This way of doing things works, as you can see in Figure 4.1.

image from book
Figure 4.1: Using two XMLHttpRequest objects

Even this solution is somewhat problematic, however. You don’t really want to have to write explicit code for each XMLHttpRequest object; what if your application used a hundred such objects? A better way of doing things is to store the objects in an array and create new XMLHttpRequest objects as needed.

Storing XMLHttpRequest objects in an array

Creating two XMLHttpRequest objects can alleviate the problem of multiple concurrent requests, but what if you need dozens of such objects? One solution is to place them in an object array, as shown in objectarray.html.

You can start by creating an array of XMLHttpRequest objects named XMLHttpRequestObjects:

 <script language = "javascript">   var menu;   var XMLHttpRequestObjects = new Array();     .     .     .

Then, in getmenu1 and getmenu2, you can create a new XMLHttpRequest object and add it to the XMLHttpRequestObjects array using that array’s built-in push method (which adds an object to the end of the array), as well as adding the index of the current XMLHttpRequest object to the array:

 function getmenu1() {   if (window.XMLHttpRequest) {     XMLHttpRequestObjects.push(new XMLHttpRequest());   } else if (window.ActiveXObject) {     XMLHttpRequestObjects.push(new       ActiveXObject("Microsoft.XMLHTTP"));     }     index = XMLHttpRequestObjects.length - 1;     .     .     .

From then on, you can refer to the new XMLHttpRequest object as XMLHttpRequestObjects[index] and you’re guaranteed to have a fresh XMLHttpRequest object for each request. Here’s how that works in objectarray.html:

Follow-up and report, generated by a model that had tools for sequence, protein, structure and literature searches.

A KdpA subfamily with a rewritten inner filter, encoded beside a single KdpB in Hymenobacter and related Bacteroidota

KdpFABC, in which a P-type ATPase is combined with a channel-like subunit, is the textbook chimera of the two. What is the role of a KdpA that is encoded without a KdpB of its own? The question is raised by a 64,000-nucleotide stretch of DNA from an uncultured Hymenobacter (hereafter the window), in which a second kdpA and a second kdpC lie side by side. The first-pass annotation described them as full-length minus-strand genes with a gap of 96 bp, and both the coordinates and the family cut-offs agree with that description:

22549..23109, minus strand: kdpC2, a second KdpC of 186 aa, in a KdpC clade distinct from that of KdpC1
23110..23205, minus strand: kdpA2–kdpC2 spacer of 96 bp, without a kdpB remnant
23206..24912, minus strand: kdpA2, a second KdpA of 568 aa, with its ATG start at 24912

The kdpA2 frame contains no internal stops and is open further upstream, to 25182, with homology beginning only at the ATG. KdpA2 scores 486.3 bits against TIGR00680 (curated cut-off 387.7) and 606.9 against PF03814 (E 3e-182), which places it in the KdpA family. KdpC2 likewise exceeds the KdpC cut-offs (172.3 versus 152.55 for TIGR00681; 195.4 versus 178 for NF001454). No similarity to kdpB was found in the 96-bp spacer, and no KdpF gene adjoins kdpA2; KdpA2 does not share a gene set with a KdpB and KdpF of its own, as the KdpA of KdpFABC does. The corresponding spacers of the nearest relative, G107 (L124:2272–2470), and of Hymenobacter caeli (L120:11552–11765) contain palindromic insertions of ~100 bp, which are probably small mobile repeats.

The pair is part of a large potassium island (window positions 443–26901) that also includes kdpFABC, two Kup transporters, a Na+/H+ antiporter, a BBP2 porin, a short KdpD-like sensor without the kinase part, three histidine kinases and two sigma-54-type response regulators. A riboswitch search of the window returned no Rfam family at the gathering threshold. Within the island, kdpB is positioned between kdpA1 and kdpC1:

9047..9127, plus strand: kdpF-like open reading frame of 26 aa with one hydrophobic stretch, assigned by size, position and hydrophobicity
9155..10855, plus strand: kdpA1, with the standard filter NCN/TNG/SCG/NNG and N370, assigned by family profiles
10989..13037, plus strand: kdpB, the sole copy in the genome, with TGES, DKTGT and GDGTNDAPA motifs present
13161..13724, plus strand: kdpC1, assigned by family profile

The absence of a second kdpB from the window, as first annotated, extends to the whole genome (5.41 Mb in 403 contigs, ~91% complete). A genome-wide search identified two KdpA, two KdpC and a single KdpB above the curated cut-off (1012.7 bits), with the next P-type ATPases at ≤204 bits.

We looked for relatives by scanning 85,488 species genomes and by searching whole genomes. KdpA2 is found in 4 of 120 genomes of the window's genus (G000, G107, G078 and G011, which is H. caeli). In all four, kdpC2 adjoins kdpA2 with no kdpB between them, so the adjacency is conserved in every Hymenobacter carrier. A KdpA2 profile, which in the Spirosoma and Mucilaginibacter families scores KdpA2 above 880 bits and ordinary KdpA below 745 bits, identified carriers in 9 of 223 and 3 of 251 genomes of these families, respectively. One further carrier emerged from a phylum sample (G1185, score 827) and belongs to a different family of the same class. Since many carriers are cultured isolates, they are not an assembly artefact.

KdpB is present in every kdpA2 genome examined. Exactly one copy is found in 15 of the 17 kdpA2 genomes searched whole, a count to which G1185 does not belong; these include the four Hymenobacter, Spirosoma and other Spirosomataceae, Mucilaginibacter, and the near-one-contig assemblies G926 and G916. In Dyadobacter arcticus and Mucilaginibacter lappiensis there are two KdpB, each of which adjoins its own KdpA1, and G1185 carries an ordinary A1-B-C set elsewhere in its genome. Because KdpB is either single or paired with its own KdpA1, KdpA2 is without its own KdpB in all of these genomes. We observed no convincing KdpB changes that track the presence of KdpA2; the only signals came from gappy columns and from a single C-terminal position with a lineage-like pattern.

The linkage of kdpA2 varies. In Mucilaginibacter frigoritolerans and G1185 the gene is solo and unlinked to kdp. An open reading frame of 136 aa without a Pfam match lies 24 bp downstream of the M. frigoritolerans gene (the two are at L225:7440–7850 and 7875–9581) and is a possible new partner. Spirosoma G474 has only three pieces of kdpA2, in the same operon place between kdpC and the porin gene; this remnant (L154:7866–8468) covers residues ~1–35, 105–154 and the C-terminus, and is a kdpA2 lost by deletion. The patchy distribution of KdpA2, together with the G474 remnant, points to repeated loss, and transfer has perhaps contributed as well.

<html>   <head>     <title>Using an array of XMLHTTPRequest objects</title>     <script language = "javascript">       var menu;       var index = 0;       var XMLHttpRequestObjects = new Array();       function getmenu1()       {         if (window.XMLHttpRequest) {           XMLHttpRequestObjects.push(new XMLHttpRequest());         } else if (window.ActiveXObject) {         XMLHttpRequestObjects.push(new           ActiveXObject("Microsoft.XMLHTTP"));         }         index = XMLHttpRequestObjects.length - 1;         if(XMLHttpRequestObjects[index]) {           XMLHttpRequestObjects[index].open("GET", "menu1.xml");           XMLHttpRequestObjects[index].onreadystatechange =           function()           {             if (XMLHttpRequestObjects[index].readyState == 4 &&               XMLHttpRequestObjects[index].status == 200) {             var xmlDocument =               XMLHttpRequestObjects[index].responseXML;             menu = xmlDocument.getElementsByTagName("menuitem");             listmenu();             }           }           XMLHttpRequestObjects[index].send(null);         }     }     function getmenu2()     {       if (window.XMLHttpRequest) {         XMLHttpRequestObjects.push(new XMLHttpRequest());       } else if (window.ActiveXObject) {       XMLHttpRequestObjects.push(new         ActiveXObject("Microsoft.XMLHTTP"));       }       index = XMLHttpRequestObjects.length - 1;       if(XMLHttpRequestObjects[index]) {         XMLHttpRequestObjects[index].open("GET", "menu2.xml");         XMLHttpRequestObjects[index].onreadystatechange =         function()         {           if (XMLHttpRequestObjects[index].readyState == 4 &&             XMLHttpRequestObjects[index].status == 200) {           var xmlDocument =           XMLHttpRequestObjects[index].responseXML;           menu = xmlDocument.getElementsByTagName("menuitem");           listmenu();           }         }         XMLHttpRequestObjects[index].send(null);       }     }     function listmenu ()     {       var loopIndex;       var selectControl = document.getElementById('menuList');       for (loopIndex = 0; loopIndex < menu.length; loopIndex++ )       {           selectControl.options[loopIndex] = new              Option(menu[loopIndex].firstChild.data);       }    }    function setmenu()    {       document.getElementById('targetDiv').innerHTML =         "You selected " + menu[document.getElementById           ('menuList').selectedIndex].firstChild.data;    }    </script>  </head>  <body>    <h1>Using an array of XMLHTTPRequest objects</h1>    <form>      <select size="1"         onchange="setmenu()">        <option>Select a menu item</option>      </select>      <br>      <br>      <input type = "button" value = "Select menu 1"        onclick = "getmenu1()">      <input type = "button" value = "Select menu 2"        onclick = "getmenu2()">    </form>    <div  width =100 height=100>Your lunch     selection will appear here.</div>   </body> </html>